A South Korean cybersecurity firm claims that the Kudankulam Nuclear Power Plant (KKNPP) in southern India’s Tamil Nadu state was attacked by North Korean “DTrack” malware in an attempt to obtain internal information about “thorium-based nuclear power”.
Located off the Bay of Bengal in the Tirunelveli district of Tamil Nadu state, the power plant is the single largest nuclear power station in India.
We have confirmed that one of the hackers who attacked India's nuclear energy sector is using a North Korean self-branded computer produced and used only in the North Korea. And the IP used by one of the hackers was from Pyongyang, North Korea. This is more valuable than malware. pic.twitter.com/xqusmMWWY7— IssueMakersLab (@issuemakerslab) November 4, 2019
In its analysis, Seoul-based IssueMake Labs also asserted that along with the plant, senior Indian nuclear scientists including former Chairman of Atomic Energy Commission of India, Anil Kakodkar and former Chairman of the Atomic Energy Regulatory Board, S A Bhardwaj – were also targeted by the hackers.
Also, the DPRK hackers sent email containing malware to the chairman(not now *ex-*) of the Atomic Energy Regulatory Board(AERB) of India. And he was the Technical Director of Nuclear Power Corporation of India Limited (NPCIL). He's an expert on the AHWR reactor (thorium-based). pic.twitter.com/5BjlGenPhr— IssueMakersLab (@issuemakerslab) November 2, 2019
Addressing the speculations surrounding the malware-attack rumours, on 29 October, KKNPP issued a statement claiming that the plant’s control system was not connected to any cyber network outside its periphery.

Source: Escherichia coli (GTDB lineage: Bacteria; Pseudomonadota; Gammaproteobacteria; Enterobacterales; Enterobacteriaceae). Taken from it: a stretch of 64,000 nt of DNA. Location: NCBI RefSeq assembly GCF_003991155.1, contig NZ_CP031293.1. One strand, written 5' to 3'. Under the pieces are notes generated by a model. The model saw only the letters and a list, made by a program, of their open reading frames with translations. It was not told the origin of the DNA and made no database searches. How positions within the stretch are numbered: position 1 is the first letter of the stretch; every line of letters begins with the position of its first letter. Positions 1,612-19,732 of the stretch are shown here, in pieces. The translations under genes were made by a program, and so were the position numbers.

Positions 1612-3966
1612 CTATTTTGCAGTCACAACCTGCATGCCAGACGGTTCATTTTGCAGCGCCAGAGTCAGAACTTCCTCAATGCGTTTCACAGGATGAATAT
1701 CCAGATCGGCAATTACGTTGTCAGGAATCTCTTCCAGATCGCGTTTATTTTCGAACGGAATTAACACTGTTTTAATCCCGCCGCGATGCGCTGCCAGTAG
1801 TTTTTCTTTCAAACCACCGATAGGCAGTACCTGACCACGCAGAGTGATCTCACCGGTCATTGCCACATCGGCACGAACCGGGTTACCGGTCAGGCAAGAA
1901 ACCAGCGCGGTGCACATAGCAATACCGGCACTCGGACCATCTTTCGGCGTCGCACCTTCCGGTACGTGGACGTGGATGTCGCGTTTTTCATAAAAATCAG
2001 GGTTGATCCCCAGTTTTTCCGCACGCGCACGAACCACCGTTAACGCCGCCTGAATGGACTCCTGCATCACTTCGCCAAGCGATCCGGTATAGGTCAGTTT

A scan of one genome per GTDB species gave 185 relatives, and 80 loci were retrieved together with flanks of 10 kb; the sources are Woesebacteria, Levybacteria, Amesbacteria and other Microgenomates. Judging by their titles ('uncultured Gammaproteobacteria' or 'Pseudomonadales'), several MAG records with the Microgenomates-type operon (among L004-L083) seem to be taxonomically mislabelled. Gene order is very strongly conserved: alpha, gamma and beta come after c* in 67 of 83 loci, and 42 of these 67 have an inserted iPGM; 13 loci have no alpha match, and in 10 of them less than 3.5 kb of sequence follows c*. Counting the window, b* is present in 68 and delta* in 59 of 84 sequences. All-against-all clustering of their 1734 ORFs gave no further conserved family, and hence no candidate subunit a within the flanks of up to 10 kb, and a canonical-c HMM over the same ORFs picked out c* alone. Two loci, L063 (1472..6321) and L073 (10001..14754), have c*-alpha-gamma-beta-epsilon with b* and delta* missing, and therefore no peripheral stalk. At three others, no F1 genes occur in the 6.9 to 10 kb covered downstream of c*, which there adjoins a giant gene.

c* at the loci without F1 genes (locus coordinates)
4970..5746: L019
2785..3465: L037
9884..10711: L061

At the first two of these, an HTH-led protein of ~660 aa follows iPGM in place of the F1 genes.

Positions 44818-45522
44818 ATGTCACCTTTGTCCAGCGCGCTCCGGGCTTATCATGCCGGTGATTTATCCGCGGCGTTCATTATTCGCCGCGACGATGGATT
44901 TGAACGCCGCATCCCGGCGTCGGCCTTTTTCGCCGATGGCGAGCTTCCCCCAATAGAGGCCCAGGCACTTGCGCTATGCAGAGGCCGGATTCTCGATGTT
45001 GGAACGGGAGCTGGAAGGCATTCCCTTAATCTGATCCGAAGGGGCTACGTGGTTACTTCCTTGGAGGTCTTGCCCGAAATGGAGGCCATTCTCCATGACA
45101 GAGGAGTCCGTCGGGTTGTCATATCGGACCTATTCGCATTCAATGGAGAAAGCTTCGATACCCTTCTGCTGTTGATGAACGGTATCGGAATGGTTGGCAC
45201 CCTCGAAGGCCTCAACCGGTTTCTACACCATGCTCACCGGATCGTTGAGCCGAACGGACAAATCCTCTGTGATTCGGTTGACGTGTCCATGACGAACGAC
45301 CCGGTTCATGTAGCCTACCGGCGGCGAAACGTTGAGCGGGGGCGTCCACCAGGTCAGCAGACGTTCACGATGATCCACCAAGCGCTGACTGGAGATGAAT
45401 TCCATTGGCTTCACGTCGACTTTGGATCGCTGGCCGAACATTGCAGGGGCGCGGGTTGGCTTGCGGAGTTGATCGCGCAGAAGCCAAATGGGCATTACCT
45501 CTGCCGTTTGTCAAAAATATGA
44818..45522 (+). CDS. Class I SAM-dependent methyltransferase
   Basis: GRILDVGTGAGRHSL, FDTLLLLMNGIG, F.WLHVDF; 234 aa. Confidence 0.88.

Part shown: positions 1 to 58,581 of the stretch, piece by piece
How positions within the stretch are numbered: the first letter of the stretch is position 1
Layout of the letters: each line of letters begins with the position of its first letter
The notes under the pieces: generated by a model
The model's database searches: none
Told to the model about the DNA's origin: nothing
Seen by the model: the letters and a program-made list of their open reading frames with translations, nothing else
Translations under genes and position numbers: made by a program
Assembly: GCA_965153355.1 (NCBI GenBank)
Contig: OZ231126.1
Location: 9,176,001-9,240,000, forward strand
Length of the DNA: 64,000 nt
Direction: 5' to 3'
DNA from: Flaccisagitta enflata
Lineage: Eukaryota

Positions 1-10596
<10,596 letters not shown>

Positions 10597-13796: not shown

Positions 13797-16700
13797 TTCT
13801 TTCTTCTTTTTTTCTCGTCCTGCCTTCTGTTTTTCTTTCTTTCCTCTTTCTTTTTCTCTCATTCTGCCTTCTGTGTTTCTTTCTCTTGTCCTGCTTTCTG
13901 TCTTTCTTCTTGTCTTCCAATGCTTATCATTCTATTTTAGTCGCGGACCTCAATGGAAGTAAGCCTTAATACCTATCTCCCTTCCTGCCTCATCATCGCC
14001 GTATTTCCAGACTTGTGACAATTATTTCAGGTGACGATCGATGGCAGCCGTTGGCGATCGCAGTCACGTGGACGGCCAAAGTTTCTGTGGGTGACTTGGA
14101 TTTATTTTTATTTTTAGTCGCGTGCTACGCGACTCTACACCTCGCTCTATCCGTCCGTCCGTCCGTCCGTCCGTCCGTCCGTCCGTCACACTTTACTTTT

Just one day after denying the cyber attacks, on 30 October, the Nuclear Power Corporation of India (NPCI) admitted that their systems were, in fact, infected by foreign malware.
The experts also alleged that North Korean hackers have continuously been attempting to breach nuclear facilities and accounts of top nuclear scientists to obtain confidential nuclear-power information from India.
This is an image of the history of malware used by the North Korean hacker group B that hacked the Kudankulam Nuclear Power Plant(KKNPP) in India. A 16-digit string(dkwero38oerA^t@#) is the password that malware uses to compress a list of files on an infected PC. pic.twitter.com/YFiKv7wSJW— IssueMakersLab (@issuemakerslab) November 3, 2019
Indian cyber-security expert Pukhraj Singh, who first raised alarm bells about the cyber-attack at KKNPP said that such incidents highlight India’s lack of a deterrence strategy.
Singh took to Twitter to point out that the cyber-attacks were not destructive because the attackers did not get aggressive and added: “We were at their mercy”.
THIS IS IT. The espionage toolchain linked to a destructive wiper. The intrusions weren't destructive because the actor decided against it. We were at its mercy. It's not about airgaps or how awesomely safe reactors are, it's about the complete absence of a deterrence strategy. https://t.co/4ezbVu4YiK— Pukhraj Singh (@RungRage) November 3, 2019